Broccoli is a cool season vegetable that can be planted in early May in Zones 4-6 and in September and February in Zones 7-10. You can grow broccoli from either seeds or transplants.
How to grow broccoli from seeds:
Broccoli is slow growing, so start it indoors 6 weeks before the final frost of the season. Use a nutrient rich soil and plant seeds ½ an inch deep in your seed starters.
How to care for broccoli seedlings:
Broccoli is such a low key vegetable. You will find that it doesn’t need any fancy care in order to get it growing. Be sure it is getting 6 hours of sunlight a day and is in moist soil. You don’t want to allow the soil to dry out at any point.
Best Tips For Growing Broccoli:
1. Provide ample space
Homegrown broccoli has the possibility of growing larger than the broccoli you see in the grocery store! As a result, you’ll want to make sure you have left your plants enough space to grow and flourish. You should plant each broccoli about 1-2 feet apart from each other. Rows of broccoli should be 2-3 feet apart. If more broccoli seedlings grow in one area than is ideal, feel free to thin them so that the remaining plants are at least 1 foot apart.
2.Watch the temperatures
To grow great broccoli, your plants need to grown in a cooler (not cold) season. If the weather is too hot, the broccoli will flower quickly and you won’t have anything to harvest! So make sure that temperatures stay at around 50-80 degrees.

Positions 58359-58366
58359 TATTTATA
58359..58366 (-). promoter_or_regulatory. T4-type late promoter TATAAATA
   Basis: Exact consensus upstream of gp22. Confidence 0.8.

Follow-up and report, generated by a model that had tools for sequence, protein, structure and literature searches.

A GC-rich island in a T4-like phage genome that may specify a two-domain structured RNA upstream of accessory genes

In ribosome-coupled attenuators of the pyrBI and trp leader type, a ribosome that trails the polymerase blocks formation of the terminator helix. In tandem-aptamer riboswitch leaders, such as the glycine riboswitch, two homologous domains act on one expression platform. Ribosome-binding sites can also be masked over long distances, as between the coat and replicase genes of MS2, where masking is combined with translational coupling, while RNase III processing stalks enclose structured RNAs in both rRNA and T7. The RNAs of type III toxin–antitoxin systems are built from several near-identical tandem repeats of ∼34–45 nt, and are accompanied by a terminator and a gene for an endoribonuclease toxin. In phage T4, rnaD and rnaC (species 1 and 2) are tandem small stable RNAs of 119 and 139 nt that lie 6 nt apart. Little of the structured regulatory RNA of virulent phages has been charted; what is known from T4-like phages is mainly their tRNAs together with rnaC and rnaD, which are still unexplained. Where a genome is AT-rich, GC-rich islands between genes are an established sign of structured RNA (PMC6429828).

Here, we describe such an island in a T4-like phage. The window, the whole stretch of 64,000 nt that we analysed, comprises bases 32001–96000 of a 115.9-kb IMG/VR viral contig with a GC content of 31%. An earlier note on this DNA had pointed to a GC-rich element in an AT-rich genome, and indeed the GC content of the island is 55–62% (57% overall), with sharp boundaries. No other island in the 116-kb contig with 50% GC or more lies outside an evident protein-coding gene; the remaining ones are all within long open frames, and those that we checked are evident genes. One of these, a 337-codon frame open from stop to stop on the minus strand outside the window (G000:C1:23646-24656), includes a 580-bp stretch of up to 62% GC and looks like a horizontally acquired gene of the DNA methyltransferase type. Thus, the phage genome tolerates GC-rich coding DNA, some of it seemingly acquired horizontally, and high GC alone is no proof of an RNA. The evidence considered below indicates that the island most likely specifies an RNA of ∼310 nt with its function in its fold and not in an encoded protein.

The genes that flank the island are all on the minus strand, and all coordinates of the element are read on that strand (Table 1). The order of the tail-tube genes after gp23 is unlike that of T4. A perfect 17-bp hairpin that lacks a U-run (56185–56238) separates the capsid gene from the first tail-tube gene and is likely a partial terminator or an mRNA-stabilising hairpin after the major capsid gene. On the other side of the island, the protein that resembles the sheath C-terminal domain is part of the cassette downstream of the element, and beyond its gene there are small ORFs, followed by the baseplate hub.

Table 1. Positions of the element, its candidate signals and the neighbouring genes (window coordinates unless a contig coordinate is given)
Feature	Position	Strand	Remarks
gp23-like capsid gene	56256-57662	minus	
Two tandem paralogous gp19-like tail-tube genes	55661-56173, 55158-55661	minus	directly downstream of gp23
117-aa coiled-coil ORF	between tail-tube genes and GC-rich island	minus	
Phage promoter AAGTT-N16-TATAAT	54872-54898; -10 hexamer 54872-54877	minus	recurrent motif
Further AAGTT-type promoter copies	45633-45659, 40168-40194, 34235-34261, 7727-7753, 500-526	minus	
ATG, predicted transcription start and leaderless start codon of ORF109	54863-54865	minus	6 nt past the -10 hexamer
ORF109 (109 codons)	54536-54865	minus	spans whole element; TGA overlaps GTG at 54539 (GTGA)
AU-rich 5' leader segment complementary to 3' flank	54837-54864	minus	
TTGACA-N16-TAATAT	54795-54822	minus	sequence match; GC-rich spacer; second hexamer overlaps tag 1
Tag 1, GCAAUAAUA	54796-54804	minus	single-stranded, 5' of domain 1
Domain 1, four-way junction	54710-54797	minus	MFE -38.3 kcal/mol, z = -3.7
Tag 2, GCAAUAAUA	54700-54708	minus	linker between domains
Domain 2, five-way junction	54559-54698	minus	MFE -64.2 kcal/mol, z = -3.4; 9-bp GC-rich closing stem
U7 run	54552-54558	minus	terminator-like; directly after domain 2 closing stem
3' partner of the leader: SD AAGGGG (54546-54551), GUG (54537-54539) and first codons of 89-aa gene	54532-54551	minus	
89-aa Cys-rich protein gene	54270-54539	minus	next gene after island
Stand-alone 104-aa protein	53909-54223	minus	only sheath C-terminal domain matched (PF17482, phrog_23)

3.Watch the water
If you hope to grow great broccoli, you’ll have to be careful when watering. Make sure not to get the broccoli heads wet. But don’t let the plants dry out either. Try to keep the soil at the base of your broccoli moist (about 1 inch of water each week should be sufficient). During especially dry seasons, water more to compensate, and make sure that you’re watering deeply so that it’s not just the surface that’s getting wet. You want the water to sink down into the soil.
4. Fertilize your plants
Broccoli plants do very well with nitrogen fertilizers, especially if there’s not a lot of nitrogen already in their soil. You should fertilize the soil when you plant your broccoli, then fertilize again with a liquid fertilizer when the broccoli plants are beginning to grow leaves. It also wouldn’t hurt to add more liquid fertilizer as the heads of broccoli grow.
5.Mulch around your plants
Mulching is very helpful when you’re trying to grow great broccoli! It’s a handy way to keep moisture trapped in the soil, preventing your broccoli from drying out too quickly. Mulch is also helpful at reducing how many weeds will grow, which is great because the less you have to weed, the less likely you’ll accidentally damage your broccoli’s roots!
Your broccoli can possibly be damaged by several different insects including aphids, cabbage worms, flea beetles, and cabbage loopers. To keep your crops safe from these pests, weed frequently, clean out any garden debris, dead plants, or diseased plants, and consider getting row covers.
Health Benefits Of Broccoli